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    1. Thanks, Maren! It’s so funny how, when we really do want for nothing, we say we want nothing. However, that makes the job of those who want to offer us something we might ACTUALLY want that much harder. 🙂

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  7. This is so true! Last Mother’s Day, when my husband asked what I wanted, I reminded him that I wasn’t his mother. And of course, he didn’t do anything. I may have pouted. Later, I reminded him that if a woman says “oh, don’t do anything” for her birthday, anniversary, valentine’s day or mother’s day, you should never, ever, under any circumstances, believe her!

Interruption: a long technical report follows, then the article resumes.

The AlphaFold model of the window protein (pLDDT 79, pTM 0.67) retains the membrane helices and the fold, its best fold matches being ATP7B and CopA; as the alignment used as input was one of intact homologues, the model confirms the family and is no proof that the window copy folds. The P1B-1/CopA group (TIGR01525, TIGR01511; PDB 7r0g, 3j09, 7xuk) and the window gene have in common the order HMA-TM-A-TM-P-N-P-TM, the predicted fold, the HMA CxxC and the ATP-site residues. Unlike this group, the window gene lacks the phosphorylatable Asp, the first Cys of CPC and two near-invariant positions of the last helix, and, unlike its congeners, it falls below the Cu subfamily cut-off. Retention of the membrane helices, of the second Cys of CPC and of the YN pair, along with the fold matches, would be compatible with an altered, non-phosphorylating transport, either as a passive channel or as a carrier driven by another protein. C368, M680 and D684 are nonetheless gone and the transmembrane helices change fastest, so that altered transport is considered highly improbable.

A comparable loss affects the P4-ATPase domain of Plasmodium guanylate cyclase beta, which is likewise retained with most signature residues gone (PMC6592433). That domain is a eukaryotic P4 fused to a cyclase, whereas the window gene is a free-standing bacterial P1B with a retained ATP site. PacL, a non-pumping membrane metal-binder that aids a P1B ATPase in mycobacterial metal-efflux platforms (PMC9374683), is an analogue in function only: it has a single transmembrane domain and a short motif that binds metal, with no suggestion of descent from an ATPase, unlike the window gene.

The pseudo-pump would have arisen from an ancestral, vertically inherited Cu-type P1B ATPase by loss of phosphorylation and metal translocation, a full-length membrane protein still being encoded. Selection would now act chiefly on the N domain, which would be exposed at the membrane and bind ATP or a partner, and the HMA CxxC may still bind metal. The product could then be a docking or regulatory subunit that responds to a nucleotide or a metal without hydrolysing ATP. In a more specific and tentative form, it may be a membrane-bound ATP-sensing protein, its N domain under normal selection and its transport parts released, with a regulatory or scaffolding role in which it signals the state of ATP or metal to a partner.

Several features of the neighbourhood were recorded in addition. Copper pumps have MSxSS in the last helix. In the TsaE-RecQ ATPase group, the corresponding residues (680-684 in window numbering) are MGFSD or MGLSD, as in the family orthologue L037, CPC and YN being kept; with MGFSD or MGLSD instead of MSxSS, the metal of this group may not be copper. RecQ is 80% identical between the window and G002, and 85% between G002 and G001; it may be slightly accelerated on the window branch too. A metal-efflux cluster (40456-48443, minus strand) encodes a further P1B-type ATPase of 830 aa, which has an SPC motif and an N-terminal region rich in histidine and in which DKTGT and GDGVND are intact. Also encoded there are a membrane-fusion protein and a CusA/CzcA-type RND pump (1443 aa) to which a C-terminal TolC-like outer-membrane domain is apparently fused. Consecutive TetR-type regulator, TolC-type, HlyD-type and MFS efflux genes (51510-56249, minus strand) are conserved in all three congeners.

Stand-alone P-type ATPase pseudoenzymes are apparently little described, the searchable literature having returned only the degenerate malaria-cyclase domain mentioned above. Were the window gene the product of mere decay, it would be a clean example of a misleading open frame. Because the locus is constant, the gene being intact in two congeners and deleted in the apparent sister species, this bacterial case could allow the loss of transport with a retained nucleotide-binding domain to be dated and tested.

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  8. You are the only person who can read my mind!

    I stopped saying “nothing” a few years ago. And let me tell you, Mr. Wonderful had a bit of a tough time with it. If I didn’t want Chinese, I said so. When he pushed, I held my ground. I was accused of bitchiness. And I understood his point in a way. “Doormat Lisha” was easy to get along with. She went along with everything. “Honest Lisha” took some getting used to. But she’s here to stay, so the world needs to learn to love her!

    And last Christmas, I got a fabulous new DSLR camera that I’ve wanted for years instead of nothing.

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    1. I LOVE the “Honest Lisha” and I know I love the “Honest Mary” when she has made appearances. It’s a transition for all involved, most certainly! However, it is worth every last ounce of effort!

      Thanks for reading my mind so well, Lisha!